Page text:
Regen Projects in Los Angeles – March 27 – May 22, 2021
“Plastics…were used in furniture, clothing, containers, appliances, just about everything. Sometimes the poisons leached into food or water and caused cancer, and sometimes there was a fire and plastics burned and gassed people to death…. The only place that has enough of it to be a real danger is right here.” — Octavia E. Butler, Adulthood Rites, 1988
Excerpted from the Regen Projects press release: The works on view reveal Larner’s acceptance of Posthumanist thought that the Anthropocene induces as the world becomes beleaguered by rapidly depleting resources and the massive waste that accompanies our extractive industries. The large low floor sculpture, a sea foam/meerschaum drift, seems to billow and surge through the space. The undulating form constructed of conjoined plastic refuse was collected by Larner over the course of three years. Serving as a meditation on the pervasive and exponential presence of plastic in the world, the sculpture is at once beautiful and horrible, a complex combination that evokes the pathos of its material. This Meerschaum Drift’s materiality belies its intricate form and supposes a transformation of crude material into an art object. Plastic-derived acrylic paint applied to its surface gives the sculpture the overall sense of movement in color from deep blue to green to white, evoking the ephemeral quality of sea foam for which it is named.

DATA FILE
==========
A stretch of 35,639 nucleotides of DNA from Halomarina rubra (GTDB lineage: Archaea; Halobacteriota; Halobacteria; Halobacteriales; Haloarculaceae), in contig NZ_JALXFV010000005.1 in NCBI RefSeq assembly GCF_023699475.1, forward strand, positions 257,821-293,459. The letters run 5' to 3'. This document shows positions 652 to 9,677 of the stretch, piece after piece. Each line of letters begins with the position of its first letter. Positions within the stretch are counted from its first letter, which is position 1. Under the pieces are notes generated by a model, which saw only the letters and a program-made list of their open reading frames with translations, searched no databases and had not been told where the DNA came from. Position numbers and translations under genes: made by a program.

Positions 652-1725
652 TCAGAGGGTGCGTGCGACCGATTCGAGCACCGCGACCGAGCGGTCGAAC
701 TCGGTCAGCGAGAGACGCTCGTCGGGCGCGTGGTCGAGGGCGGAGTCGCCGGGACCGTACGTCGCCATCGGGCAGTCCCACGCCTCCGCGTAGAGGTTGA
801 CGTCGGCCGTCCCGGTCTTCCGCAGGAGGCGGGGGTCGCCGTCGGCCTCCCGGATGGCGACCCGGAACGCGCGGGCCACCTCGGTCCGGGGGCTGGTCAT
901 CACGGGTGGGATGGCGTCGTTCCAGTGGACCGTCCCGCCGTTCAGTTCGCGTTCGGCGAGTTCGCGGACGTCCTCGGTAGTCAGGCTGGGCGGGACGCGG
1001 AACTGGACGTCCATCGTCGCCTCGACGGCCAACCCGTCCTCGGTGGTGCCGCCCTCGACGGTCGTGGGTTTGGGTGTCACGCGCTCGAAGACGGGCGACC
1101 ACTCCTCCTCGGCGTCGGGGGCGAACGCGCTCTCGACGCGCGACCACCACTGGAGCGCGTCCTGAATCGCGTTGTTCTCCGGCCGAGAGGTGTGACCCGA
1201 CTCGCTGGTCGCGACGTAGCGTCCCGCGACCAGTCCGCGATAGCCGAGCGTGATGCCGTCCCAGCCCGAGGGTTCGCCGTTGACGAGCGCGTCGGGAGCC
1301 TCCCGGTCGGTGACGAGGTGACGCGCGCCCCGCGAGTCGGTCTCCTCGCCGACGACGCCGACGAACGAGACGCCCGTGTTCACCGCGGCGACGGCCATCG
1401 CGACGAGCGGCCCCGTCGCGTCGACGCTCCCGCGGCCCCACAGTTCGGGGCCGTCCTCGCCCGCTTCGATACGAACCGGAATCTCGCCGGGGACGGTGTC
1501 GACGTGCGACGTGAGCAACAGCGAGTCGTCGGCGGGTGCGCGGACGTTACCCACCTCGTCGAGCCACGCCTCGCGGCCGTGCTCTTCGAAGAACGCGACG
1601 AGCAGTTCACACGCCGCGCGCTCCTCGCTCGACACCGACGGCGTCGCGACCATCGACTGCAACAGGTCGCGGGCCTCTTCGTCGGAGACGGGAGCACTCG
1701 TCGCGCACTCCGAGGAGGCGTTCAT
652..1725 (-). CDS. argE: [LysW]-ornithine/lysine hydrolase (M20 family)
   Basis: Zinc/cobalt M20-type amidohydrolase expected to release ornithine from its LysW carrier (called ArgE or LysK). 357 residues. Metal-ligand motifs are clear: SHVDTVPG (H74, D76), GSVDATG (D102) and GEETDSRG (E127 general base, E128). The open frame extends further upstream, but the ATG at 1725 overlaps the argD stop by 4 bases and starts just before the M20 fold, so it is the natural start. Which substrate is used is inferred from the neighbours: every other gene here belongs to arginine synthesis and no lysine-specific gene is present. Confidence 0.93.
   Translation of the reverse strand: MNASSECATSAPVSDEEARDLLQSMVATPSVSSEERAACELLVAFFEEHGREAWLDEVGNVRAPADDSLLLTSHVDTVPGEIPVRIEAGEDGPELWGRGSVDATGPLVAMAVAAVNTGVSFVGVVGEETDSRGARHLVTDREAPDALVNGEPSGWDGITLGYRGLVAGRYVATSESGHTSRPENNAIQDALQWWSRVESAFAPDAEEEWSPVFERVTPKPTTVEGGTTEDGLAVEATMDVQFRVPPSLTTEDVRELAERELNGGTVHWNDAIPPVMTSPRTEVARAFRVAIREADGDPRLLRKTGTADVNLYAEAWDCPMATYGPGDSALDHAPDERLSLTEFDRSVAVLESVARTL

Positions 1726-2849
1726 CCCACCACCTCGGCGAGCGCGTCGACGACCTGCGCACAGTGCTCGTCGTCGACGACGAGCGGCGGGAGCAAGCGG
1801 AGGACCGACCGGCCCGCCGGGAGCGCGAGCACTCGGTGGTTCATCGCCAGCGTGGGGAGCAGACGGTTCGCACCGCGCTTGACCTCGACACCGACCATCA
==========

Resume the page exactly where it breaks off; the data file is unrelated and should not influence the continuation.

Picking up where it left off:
Liz Larner’s As Stars and Seas Entwine exhibition at Regen Projects in Los Angeles presented itself as an opportunity to revisit her much earlier exhibition at Regen Projects, one that I wrote about almost 24 years ago. There was a need, I felt, to “correct” my earlier impressions of her work. Admittedly, my reading had been a limited take – the siphoned sliver of an aspect of the work of a seriously-minded artist. It seemed incongruous for an artist undergirded by a weighty philosophical base to produce something so light and fun.